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Openings: Black Lives Matter Show, Art for the Apocalypse, Refugee Reflections

(flyer via The Living Gallery / Facebook)

(flyer via The Living Gallery / Facebook)

Black Lives Matter Art Show
Opening Tuesday January 31 at The Living Gallery, 12 pm – 10 pm. Reception and performances 7 pm to 10 pm. One day only.

This pop-up art show, on view for one day only, features the work of Carla Cubit, who has created art in conjunction with Black Lives Matter in the form of posters, mixed media assemblages, and photos of BLM protests in the NYC area. The daylong event will also feature musical performances, a jam session, a speaker from “mobile social justice museum” The Museum of Impact, and an artist talk.

Throughout the day, a variety of BLM necklaces, magnets, pins, and other creations will be on sale for only $1, and The Stop Mass Incarceration Network will be offering posters for free. If you’d like to get involved on the creative side of things, there will be materials for folks to make their own posters or Black Lives Matter-inspired artwork. If you’re not artistically inclined, attendees are also encouraged to simply share their thoughts on the BLM movement.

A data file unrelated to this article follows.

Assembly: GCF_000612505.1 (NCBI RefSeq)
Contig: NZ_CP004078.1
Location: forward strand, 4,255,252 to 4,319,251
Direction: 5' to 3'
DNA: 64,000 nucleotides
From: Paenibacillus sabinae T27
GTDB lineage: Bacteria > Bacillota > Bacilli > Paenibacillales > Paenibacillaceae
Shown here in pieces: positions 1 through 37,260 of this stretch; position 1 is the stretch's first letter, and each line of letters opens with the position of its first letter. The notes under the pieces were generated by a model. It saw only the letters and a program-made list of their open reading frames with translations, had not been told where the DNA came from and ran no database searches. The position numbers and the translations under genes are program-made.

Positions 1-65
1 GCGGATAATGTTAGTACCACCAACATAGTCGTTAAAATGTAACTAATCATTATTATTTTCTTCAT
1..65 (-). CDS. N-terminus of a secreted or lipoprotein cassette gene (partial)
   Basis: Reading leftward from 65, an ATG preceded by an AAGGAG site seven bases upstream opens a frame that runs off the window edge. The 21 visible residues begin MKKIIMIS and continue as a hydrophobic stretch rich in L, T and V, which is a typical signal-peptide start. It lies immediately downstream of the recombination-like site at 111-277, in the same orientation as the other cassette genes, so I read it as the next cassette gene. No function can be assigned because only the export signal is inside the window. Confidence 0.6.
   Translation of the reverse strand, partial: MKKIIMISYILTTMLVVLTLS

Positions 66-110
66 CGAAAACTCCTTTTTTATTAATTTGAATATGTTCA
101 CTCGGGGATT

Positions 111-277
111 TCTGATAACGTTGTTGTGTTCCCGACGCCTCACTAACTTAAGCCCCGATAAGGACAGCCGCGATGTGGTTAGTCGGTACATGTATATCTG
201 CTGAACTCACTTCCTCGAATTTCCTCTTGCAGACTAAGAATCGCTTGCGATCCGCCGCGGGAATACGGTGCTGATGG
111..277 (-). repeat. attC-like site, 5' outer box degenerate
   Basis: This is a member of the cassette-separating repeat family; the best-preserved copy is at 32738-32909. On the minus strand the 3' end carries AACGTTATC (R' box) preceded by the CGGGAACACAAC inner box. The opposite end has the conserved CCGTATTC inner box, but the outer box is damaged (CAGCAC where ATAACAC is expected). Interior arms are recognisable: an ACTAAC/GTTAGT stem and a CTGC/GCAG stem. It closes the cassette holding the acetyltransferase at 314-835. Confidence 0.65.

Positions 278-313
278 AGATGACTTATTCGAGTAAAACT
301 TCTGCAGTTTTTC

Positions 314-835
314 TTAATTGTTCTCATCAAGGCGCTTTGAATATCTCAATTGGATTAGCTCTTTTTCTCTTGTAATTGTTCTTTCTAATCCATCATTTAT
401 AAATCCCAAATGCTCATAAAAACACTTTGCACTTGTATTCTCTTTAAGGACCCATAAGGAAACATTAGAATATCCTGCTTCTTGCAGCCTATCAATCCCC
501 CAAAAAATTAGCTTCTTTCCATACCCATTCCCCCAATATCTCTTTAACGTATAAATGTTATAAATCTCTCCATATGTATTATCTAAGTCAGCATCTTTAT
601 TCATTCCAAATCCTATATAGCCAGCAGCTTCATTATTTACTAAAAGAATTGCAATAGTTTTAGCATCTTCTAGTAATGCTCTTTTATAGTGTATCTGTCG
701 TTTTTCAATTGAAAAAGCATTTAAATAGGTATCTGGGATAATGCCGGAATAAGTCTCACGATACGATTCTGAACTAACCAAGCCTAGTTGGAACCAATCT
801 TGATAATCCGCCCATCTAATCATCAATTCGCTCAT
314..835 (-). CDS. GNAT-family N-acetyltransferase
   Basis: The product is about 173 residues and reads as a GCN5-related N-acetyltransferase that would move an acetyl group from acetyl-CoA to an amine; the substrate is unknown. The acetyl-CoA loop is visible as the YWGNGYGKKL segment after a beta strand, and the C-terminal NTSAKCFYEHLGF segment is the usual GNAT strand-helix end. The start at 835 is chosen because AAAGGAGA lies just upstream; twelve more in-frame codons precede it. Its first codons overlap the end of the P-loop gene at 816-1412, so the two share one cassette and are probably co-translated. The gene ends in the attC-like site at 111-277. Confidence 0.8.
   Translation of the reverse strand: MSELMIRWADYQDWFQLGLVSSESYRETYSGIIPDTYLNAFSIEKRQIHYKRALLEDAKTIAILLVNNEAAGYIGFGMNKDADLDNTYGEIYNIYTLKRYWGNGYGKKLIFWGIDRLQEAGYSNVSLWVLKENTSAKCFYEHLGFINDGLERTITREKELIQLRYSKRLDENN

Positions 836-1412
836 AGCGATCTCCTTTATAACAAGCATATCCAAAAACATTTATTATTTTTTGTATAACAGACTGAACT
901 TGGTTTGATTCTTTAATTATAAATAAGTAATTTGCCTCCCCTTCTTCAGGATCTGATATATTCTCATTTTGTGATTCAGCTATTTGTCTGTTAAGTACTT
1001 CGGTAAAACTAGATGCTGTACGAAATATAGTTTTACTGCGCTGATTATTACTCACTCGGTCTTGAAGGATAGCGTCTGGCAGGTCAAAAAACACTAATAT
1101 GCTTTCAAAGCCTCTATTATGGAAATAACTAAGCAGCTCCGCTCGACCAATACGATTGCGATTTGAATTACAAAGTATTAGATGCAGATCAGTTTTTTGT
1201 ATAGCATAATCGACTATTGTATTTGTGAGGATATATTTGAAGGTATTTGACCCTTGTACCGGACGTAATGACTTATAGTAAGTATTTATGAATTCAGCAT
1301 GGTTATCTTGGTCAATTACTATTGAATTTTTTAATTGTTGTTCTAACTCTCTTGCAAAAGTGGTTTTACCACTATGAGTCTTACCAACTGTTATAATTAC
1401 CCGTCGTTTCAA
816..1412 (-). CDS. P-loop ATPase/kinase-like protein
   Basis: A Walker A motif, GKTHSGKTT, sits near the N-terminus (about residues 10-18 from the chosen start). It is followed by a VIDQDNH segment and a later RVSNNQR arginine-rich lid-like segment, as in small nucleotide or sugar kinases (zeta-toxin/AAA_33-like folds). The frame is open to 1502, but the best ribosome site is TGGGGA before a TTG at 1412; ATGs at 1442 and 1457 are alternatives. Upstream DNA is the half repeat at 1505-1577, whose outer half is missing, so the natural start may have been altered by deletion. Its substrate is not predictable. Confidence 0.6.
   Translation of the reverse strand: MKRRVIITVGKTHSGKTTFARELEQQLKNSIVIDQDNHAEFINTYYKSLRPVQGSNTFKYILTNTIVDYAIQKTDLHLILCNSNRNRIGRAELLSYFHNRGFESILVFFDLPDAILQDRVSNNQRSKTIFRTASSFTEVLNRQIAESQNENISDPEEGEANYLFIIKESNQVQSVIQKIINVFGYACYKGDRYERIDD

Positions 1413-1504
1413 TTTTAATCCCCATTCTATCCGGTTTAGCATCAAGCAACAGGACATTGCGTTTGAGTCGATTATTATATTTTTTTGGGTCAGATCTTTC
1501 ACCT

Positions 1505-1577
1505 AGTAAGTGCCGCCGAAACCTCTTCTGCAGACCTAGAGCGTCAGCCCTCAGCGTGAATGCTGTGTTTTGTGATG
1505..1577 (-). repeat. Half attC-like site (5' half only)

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Weekend Art Stops: Everyday Halloween, Crabapple Muses, and One Painting, Deconstructed

(image via Disclaimer Gallery)

(image via Disclaimer Gallery)

Everyday Things
Opening Friday September 9 at Disclaimer Gallery (inside the Silent Barn), 6 pm to 9 pm. On view through October 2.

Though artist Megan Tatem often works in illustration, creating works for magazines and doing graphic design over at Hearst Media, this “tongue-in-cheek” exhibition will showcase another side of her work: photography. The show provides commentary on imagery related to racial stereotypes, but wrapped up in a tight layer of sarcasm. This results in lighthearted visual observations on assumptions like “white people can’t dance” and who holds the highest proclivity for fried chicken, but also delves into darker, serious territory, also acknowledging how racial stereotypes like the assumption that people of color are dangerous or prone to crime can (and has) lead to unwarranted violence against them.

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